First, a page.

School’s back in session, and summer’s sultry days are numbered. Here’s a roundup of new books by Harvard faculty members that you may have missed while soaking up umbrella drinks and saucy paperbacks on some Mexican beach.
The Inner Life of Empires: An Eighteenth-Century History
Princeton University Press, May 2011
By Emma Rothschild
Born out of a happy accident, Emma Rothschild’s latest book introduces the Johnstones, a historically obscure Scottish family living disparate lives around the globe in the fast-changing 18th century. While researching in Edinburgh University Library, Rothschild, the Jeremy and Jane Knowles Professor of History, stumbled on the letters of James Johnstone to his brother John, a young politician. But that was just the tip of the iceberg. Rothschild’s paper trail of letters turned up 11 Johnstone siblings — slave owners, abolitionists, speculators, government officials, and occasional politicians — whose lives on the cusp of revolution, the Enlightenment, and the very early days of globalization make for a different style of history book.
Flying Without a Net: Turn Fear of Change into Fuel for Success
Harvard Business Press, June 2011
By Thomas DeLong
Are you a high-need-for-achievement individual? You know the kind — driven, ambitious, seemingly impenetrable when it comes to work. Thomas DeLong, the Philip J. Stomberg Professor of Management Practice at Harvard Business School, is one of those people. He’s even written the book on it. High-need-for-achievement individuals, he maintains, have “an exaggerated need to maintain their reputations and to project an aura of capability and control.” His book delves into the fears and insecurities behind these behaviors and discusses how to prevent them from becoming professional roadblocks.
Haiti After the Earthquake
PublicAffairs, July 2011
By Paul Farmer
Paul Farmer, the Kolokotrones University Professor of Global Health and Social Medicine and founder of Partners In Health, was one of the first to touch down in Port-au-Prince after the devastating 2010 earthquake. In his new book, Farmer continues his probe of the aftermath and subsequent health crisis in a poignant narrative. With more than 30 years’ experience working in Haiti, Farmer provides context to how poverty and politics, coupled with widespread deforestation, pitiable health care, and poor construction efforts contributed to the devastation.
Rants and Raves: Opinions, Tributes, and Elegies
Smith and Kraus, May 2011
By Robert Brustein
After being awarded the National Medal of Arts by President Barack Obama in March, Robert Brustein published this quirky not-quite memoir, not quite anything else. Divided into three sections — opinions, tributes, and elegies — Brustein, founder of Harvard’s American Repertory Theater and emeritus professor of English, takes aim at Samuel Beckett, Shakespeare, and the state of the arts in the United States. Most fascinating are his elegies to actor Paul Newman and playwright Arthur Miller, and tributes to director Julie Taymor, playwright Tony Kushner, and actors Tony Shalhoub, Mary Louise Parker, and Meryl Streep, whom Brustein met at Yale Drama School in the ’70s, and whose “sidewise insinuating glance,” he writes, “could turn your legs to jelly.”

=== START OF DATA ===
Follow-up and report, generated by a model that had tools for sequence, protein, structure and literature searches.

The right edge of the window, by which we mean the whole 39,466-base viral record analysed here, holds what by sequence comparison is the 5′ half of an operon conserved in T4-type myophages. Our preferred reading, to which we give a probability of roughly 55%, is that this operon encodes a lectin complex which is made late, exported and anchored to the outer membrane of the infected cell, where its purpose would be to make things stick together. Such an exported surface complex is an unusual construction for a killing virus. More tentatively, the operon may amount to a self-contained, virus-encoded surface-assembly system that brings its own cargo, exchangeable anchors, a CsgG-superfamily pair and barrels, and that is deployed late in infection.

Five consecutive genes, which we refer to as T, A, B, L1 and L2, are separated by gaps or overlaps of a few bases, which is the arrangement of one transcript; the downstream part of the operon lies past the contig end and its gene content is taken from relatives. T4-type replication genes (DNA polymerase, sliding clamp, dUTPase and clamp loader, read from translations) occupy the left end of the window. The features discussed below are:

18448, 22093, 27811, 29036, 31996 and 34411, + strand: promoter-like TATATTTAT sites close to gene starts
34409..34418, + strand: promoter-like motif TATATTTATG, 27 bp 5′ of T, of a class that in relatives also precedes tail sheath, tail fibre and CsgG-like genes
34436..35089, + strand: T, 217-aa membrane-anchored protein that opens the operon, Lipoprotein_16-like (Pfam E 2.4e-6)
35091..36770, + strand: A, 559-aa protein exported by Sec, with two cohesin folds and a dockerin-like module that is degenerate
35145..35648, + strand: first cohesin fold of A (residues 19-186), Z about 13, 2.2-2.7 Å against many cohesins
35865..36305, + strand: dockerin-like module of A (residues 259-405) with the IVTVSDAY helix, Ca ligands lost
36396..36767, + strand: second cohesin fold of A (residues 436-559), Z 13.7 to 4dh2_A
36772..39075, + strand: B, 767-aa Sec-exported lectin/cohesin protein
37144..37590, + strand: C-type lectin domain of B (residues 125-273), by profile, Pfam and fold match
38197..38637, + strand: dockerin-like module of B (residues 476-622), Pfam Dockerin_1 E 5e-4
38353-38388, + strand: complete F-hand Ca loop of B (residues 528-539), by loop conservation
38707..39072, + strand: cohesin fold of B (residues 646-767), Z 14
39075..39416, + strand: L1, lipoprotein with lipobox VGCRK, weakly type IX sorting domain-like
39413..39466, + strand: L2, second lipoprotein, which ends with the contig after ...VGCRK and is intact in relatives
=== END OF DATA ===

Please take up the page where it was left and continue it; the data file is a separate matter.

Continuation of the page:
Embracing Asperger’s: A Primer for Parents and Professionals
Jessica Kingsley Publishers, June 2011
By Richard Bromfield
Harvard Medical School psychology instructor Richard Bromfield’s last book, “How to Unspoil Your Child Fast,” offered desperate parents a much-needed guide. His latest, a compassionate volume about what Asperger’s syndrome is like from a child’s point of view, offers another kind of parental reprieve: hope. Aimed at empowering the parents and teachers of children with Asperger’s, Bromfield provides insights, anecdotes, and tried-and-true strategies.
Worlds Apart: Bosnian Lessons for Global Security
Duke University Press, August 2011
By Swanee Hunt
Swanee Hunt, the Eleanor Roosevelt Lecturer in Public Policy at Harvard Kennedy School, was the U.S. ambassador to Austria during the Bosnian War. Through a series of emotional vignettes, she recounts her diplomatic missions, as well as the impact of war through the eyes of the Bosnians she encountered. Founder of the Kennedy School’s Women in Public Policy Program, Hunt is dedicated to empowering women in politics and beyond. Her latest book dissects the process of military intervention and presents lessons that can be applied to conflicts around the world.